His death, at Beth Israel Hospital, was caused by idiopathic ischemic lung disease.
As the drama critic and theatre reporter for the AP, his work was widely disseminated, and, thus, influential. He joined the news service in the early 1970s, working in Chicago as a general assignment reporter, and became the service's primary theatre voice in 1984.
Affable and easy-going, he was a common sight at Broadway openings, almost always smiling, and invariably dressed in a pair of dark tan pants and a light tan, short-sleeved shirt.
Michael Charles Kuchwara was born in Scranton, PA, on Feb. 28, 1947. His father was an Air Force pilot, said the Times, who later worked for the National Security Agency. He was a graduate of Syracuse University and attained a master's degree in journalism from the University of Missouri. Mr. Kuchwara was a past president of the New York Drama Critics' Circle.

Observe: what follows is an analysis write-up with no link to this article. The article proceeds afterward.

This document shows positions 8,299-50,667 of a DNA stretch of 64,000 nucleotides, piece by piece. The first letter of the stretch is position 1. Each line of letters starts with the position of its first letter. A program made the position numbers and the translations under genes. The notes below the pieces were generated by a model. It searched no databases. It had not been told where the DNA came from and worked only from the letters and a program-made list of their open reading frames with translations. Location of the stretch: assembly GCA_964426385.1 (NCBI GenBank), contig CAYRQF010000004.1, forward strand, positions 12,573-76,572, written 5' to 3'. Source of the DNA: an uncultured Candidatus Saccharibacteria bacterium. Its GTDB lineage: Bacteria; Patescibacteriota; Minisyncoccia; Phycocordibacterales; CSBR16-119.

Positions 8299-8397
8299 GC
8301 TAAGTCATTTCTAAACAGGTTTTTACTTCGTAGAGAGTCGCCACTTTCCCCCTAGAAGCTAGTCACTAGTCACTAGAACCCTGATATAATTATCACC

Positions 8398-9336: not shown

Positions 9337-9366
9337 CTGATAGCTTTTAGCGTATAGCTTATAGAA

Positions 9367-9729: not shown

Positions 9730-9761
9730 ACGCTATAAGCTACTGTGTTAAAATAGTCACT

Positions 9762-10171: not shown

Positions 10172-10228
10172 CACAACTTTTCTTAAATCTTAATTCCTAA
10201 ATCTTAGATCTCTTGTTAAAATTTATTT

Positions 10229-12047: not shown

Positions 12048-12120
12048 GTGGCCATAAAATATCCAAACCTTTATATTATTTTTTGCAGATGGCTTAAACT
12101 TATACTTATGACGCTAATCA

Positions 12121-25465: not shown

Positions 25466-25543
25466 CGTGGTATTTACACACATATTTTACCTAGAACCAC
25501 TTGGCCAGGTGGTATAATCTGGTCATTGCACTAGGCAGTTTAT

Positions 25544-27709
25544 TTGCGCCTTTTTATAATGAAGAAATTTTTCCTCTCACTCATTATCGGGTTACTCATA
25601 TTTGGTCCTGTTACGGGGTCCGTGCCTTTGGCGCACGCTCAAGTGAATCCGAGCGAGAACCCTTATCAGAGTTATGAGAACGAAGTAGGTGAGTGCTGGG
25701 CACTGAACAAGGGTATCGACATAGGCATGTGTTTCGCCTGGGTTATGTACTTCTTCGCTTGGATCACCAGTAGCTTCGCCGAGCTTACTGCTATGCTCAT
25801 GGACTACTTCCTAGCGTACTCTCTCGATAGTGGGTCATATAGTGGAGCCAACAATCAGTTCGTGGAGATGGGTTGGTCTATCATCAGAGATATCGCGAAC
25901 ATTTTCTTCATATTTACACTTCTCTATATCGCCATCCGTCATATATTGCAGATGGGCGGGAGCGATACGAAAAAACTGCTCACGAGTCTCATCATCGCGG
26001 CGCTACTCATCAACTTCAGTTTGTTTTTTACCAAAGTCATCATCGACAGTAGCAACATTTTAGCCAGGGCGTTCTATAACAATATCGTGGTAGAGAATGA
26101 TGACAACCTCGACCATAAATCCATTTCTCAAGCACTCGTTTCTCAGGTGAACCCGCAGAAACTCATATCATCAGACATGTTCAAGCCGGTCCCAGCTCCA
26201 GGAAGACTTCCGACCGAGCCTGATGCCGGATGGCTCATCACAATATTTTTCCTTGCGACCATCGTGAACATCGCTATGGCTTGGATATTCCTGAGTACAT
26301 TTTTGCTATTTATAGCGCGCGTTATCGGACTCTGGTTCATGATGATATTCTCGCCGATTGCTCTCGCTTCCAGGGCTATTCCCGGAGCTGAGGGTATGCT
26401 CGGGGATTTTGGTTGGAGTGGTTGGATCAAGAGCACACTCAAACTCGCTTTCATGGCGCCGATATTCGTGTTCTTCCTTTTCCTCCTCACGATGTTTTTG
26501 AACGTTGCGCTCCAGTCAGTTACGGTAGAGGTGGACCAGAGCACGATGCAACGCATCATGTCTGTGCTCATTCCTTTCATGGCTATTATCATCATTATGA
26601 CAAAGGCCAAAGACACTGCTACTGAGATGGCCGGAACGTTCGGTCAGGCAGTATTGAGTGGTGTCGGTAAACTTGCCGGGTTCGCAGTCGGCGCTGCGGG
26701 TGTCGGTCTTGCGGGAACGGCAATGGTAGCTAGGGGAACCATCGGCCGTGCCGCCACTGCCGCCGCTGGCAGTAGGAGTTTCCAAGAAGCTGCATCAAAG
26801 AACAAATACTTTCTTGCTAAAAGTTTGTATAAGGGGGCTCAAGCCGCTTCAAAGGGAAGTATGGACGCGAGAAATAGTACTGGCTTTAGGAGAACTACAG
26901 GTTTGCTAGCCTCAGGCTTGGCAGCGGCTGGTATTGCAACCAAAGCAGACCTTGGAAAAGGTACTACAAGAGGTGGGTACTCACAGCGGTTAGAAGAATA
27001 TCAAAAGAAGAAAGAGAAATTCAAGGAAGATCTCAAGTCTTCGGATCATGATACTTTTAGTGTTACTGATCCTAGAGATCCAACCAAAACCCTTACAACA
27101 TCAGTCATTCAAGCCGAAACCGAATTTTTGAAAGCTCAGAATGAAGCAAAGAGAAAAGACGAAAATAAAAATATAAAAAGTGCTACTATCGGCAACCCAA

According to his sister, Pat Henley, he always wanted to be in the audience, never on the stage. His got his wish, attending nearly every opening Broadway and Off-Broadway had to open each season. When such publications as New York magazine and Variety dispensed with a chief theatre critic in recent years, Mr. Kuchwara's reviews gained in importance.
"As theater reviewers have been dropped, newspapers increasingly pick up the Associated Press reviews, making Michael Kuchwara arguably the most influential legit critic in America," Variety writer Robert Hofler said in July 2009.
Mr. Kuchwara's last review, which ran May 10, was of the Off-Broadway musical The Kid.
He said his favorite show was Gypsy. According to the AP, he was listening to the score when he died.
In addition to his sister, Mr. Kuchwara is survived by his wife, the former Jonnie Kay Kitchen, whom he married in 1975.